The subject of this 1963 documentary is none other than the famous city of Paris. But this film is not about its streets, monuments, and buildings; it's about the life of the city. Recall what Alexandros Washburn, the current urban design director for NYC's Department of City Planning, said in an interview for the American Society of Landscape Architects: "Urban design and infrastructure and the streetscape [are a] trellis for growth." What we hear and see in this black-and-white documentary is precisely the life that grows on and in the fixed spaces of the city, the trellis. This life also has lots and lots to say about politics, religion, communism, atheism, colonialism, music, cinema, money, real and fake flowers, food, transportation, strikes, housing, the youth, the old, the French, the language, the history of civilization, what works in the city and what doesn't work, and, most importantly, what makes a Parisian happy.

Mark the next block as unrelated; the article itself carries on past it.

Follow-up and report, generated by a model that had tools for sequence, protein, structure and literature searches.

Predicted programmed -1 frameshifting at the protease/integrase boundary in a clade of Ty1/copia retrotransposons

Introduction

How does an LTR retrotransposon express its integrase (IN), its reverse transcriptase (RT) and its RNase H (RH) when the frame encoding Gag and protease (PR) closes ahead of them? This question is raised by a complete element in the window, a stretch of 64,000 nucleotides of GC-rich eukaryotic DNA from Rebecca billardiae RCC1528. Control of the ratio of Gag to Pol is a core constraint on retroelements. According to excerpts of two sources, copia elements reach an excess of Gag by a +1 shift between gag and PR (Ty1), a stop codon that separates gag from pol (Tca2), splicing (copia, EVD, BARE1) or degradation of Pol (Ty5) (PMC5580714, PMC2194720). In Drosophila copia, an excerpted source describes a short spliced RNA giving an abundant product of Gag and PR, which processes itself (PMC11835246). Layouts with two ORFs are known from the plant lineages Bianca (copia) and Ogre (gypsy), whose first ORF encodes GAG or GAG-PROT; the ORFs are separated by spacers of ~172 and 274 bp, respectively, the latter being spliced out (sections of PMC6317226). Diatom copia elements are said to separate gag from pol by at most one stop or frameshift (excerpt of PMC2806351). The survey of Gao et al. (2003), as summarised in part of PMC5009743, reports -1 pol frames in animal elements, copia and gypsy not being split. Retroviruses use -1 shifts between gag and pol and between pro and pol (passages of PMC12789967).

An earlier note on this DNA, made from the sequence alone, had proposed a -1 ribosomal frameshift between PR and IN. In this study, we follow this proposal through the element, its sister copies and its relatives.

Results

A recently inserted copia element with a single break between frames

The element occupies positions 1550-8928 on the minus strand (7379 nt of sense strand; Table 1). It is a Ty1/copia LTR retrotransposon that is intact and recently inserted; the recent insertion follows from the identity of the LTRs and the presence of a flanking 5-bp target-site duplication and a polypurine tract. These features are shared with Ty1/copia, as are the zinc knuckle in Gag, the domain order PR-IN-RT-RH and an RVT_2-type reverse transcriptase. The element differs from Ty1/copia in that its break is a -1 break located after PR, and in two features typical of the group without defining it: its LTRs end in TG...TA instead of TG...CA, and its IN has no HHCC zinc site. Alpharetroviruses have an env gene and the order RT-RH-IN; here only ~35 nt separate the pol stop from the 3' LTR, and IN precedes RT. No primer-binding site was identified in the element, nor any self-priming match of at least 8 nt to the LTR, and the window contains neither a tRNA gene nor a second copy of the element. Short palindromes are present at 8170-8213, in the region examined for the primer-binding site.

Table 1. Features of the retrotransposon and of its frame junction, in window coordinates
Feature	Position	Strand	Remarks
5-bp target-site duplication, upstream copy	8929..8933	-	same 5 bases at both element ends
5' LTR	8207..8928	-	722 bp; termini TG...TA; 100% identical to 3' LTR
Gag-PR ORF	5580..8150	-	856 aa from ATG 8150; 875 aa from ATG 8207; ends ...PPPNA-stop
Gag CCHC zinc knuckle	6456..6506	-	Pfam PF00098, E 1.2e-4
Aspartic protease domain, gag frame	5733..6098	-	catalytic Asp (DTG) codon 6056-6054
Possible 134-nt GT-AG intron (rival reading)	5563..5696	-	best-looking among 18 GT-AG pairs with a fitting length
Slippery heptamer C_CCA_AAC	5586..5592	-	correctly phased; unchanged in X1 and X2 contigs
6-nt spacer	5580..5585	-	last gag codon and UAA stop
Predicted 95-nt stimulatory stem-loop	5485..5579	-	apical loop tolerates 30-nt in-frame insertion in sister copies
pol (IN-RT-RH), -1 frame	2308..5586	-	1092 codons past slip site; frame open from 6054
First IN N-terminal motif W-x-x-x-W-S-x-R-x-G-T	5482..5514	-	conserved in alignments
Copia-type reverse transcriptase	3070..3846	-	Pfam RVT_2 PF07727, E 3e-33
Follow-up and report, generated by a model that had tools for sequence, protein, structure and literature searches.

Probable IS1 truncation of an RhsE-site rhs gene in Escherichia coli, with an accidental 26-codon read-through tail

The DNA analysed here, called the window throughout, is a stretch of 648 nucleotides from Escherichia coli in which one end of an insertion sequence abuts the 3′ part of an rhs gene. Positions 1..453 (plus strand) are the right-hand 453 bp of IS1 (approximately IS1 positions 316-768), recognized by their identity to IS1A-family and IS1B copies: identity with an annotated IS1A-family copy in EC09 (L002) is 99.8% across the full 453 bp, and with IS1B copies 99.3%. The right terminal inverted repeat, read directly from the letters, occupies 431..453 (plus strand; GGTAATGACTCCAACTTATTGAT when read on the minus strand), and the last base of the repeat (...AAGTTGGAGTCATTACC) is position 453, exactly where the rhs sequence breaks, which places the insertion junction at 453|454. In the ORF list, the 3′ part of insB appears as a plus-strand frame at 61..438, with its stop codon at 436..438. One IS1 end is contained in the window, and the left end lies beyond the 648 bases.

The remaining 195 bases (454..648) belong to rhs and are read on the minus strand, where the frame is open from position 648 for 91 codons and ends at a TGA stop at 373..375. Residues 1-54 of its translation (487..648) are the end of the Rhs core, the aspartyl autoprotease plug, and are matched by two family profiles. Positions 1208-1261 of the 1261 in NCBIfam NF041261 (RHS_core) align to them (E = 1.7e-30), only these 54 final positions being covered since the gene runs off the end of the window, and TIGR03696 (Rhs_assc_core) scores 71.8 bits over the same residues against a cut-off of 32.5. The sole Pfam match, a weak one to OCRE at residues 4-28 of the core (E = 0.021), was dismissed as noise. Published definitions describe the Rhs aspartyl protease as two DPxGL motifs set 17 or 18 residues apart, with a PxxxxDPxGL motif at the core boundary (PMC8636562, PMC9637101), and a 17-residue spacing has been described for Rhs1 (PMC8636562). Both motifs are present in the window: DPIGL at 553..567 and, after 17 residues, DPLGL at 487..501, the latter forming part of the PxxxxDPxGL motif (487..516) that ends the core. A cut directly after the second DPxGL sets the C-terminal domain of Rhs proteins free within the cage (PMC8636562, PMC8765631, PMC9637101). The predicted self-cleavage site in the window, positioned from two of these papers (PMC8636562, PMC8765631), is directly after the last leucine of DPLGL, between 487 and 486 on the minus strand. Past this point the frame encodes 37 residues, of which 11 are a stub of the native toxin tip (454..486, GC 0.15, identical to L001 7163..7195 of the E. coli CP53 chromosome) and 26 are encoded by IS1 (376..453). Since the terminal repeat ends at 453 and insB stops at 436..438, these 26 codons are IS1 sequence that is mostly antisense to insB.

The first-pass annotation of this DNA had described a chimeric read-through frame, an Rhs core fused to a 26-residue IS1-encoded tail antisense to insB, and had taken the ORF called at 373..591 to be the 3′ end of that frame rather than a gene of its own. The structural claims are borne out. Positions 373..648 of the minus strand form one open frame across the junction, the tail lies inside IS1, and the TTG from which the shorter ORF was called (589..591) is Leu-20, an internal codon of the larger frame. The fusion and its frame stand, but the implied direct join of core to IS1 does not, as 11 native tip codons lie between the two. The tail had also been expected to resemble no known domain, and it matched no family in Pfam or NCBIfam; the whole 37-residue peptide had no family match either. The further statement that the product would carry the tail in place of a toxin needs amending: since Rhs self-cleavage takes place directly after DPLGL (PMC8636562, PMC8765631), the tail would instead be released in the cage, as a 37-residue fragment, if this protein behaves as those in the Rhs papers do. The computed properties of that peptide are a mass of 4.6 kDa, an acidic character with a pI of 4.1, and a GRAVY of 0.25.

The documentary, which has a young and beautiful and eloquent black African man at its heart, covers every level of society. It goes from the poor on the outskirts to the core of the busy stock market to the high-society partying on a fifth-floor balcony. Everyone smokes. The city is beautiful. The traffic is impossible. Business is sometimes good and sometimes bad. And when the life of this city—a city that's recovering from a great war and is also dealing with trouble emanating from Algeria—is quiet, we hear the European actress Simone Signoret commenting philosophically about the existential and political condition of the Parisian. This city is wonderfully endless.